Findings in patients with known, suspected coronary artery disease
MONDAY, Oct. 19, 2015 (HealthDay News) — Longer QRS duration predicts cardiac death and nonfatal myocardial infarction (MI) in patients with coronary artery disease, according to a study published in the Nov. 1 issue of The American Journal of Cardiology.
Roy Huurman, from Erasmus Medical Center in the Netherlands, and colleagues investigated the long-term prognostic value of QRS duration in 512 patients (308 men) with known or suspected coronary artery disease who underwent myocardial perfusion imaging (MPI).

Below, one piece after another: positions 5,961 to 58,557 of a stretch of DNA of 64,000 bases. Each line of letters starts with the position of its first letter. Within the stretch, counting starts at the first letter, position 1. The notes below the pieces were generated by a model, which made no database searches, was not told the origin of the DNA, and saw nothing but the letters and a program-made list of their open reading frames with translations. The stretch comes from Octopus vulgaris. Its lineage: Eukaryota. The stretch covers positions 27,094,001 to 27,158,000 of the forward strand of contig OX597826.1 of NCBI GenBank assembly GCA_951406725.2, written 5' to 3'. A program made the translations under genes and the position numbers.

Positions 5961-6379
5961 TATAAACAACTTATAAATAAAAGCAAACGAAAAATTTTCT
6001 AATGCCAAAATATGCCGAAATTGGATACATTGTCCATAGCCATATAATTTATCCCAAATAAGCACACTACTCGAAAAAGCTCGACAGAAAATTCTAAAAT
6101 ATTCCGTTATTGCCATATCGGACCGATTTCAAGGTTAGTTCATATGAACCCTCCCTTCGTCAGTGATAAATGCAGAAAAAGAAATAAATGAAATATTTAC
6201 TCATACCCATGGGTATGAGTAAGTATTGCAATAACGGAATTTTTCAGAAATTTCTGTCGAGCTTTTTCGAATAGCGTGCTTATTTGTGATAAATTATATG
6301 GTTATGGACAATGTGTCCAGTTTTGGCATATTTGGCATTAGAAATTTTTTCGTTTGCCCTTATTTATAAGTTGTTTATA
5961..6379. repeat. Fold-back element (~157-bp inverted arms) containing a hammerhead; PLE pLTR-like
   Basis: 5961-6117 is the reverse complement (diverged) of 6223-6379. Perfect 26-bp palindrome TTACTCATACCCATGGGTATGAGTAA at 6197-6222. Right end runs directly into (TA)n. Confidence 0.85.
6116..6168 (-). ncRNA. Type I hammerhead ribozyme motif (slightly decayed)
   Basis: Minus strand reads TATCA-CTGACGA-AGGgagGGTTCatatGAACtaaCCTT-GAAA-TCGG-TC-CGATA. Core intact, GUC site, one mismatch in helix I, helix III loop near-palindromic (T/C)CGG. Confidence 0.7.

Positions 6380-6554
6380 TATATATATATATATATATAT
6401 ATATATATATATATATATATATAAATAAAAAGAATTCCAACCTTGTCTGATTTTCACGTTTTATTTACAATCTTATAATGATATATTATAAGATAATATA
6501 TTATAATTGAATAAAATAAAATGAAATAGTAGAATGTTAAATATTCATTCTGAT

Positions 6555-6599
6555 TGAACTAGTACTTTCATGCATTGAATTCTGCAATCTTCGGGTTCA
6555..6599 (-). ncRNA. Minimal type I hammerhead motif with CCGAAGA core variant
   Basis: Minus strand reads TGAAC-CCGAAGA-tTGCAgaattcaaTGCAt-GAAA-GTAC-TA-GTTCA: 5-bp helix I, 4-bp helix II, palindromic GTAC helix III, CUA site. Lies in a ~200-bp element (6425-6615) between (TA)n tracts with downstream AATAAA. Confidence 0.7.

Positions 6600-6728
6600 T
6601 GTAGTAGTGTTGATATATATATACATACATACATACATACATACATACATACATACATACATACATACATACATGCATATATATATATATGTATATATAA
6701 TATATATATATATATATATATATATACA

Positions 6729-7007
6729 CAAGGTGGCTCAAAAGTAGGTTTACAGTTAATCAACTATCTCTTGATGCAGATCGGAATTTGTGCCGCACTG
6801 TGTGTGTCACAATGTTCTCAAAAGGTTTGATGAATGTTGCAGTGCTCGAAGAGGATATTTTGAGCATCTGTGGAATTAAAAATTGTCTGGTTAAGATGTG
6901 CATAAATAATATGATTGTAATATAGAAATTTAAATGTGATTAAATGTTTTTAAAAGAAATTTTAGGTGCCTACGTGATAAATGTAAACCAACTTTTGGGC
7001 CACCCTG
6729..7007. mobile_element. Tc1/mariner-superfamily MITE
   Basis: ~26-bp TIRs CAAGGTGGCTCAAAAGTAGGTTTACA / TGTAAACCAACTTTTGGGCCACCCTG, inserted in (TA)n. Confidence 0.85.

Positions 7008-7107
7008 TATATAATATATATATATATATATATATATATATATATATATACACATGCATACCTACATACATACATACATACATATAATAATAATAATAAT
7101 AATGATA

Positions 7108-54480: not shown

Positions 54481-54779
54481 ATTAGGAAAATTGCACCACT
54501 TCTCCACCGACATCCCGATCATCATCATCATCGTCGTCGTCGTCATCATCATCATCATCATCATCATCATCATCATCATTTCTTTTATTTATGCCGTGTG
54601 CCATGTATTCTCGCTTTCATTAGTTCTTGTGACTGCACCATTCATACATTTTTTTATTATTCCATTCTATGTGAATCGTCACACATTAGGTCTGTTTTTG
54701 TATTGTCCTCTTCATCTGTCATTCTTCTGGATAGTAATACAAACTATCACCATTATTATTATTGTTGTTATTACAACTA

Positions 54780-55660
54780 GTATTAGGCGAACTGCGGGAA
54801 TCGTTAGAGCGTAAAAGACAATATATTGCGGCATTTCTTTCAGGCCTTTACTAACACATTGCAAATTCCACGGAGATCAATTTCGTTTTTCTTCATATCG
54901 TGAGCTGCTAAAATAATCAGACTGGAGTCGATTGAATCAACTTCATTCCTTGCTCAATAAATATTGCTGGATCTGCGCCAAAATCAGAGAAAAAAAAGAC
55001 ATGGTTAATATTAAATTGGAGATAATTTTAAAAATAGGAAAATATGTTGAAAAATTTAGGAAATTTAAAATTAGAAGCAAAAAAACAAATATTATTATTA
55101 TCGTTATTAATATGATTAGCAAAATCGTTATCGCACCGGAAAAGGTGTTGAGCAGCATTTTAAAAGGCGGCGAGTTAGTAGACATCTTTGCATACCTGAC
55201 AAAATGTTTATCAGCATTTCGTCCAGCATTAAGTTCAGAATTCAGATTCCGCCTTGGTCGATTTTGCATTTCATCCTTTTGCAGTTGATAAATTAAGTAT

The researchers found that over a mean follow-up of 8.6 years, 290 patients died (60 percent), with 27 percent of these deaths attributable to cardiac causes. Twenty-eight patients (6 percent) had nonfatal MI, and 127 patients (25 percent) underwent late coronary revascularization (>three months). The annualized cardiac death rates and cardiac death or nonfatal MI rates were lower in patients with QRS duration <120 ms compared with those with QRS duration of ≥120 ms (2.2 percent and 2.3 percent, respectively, versus 4.1 percent and 4.4 percent, respectively). In multivariate models, QRS duration ≥120 ms was an independent predictor of both end points, in addition to clinical characteristics and MPI results.
“In conclusion, QRS duration ≥120 ms is an independent predictor of cardiac death and cardiac death or nonfatal MI, after adjustment for clinical characteristics and MPI results,” write the authors.
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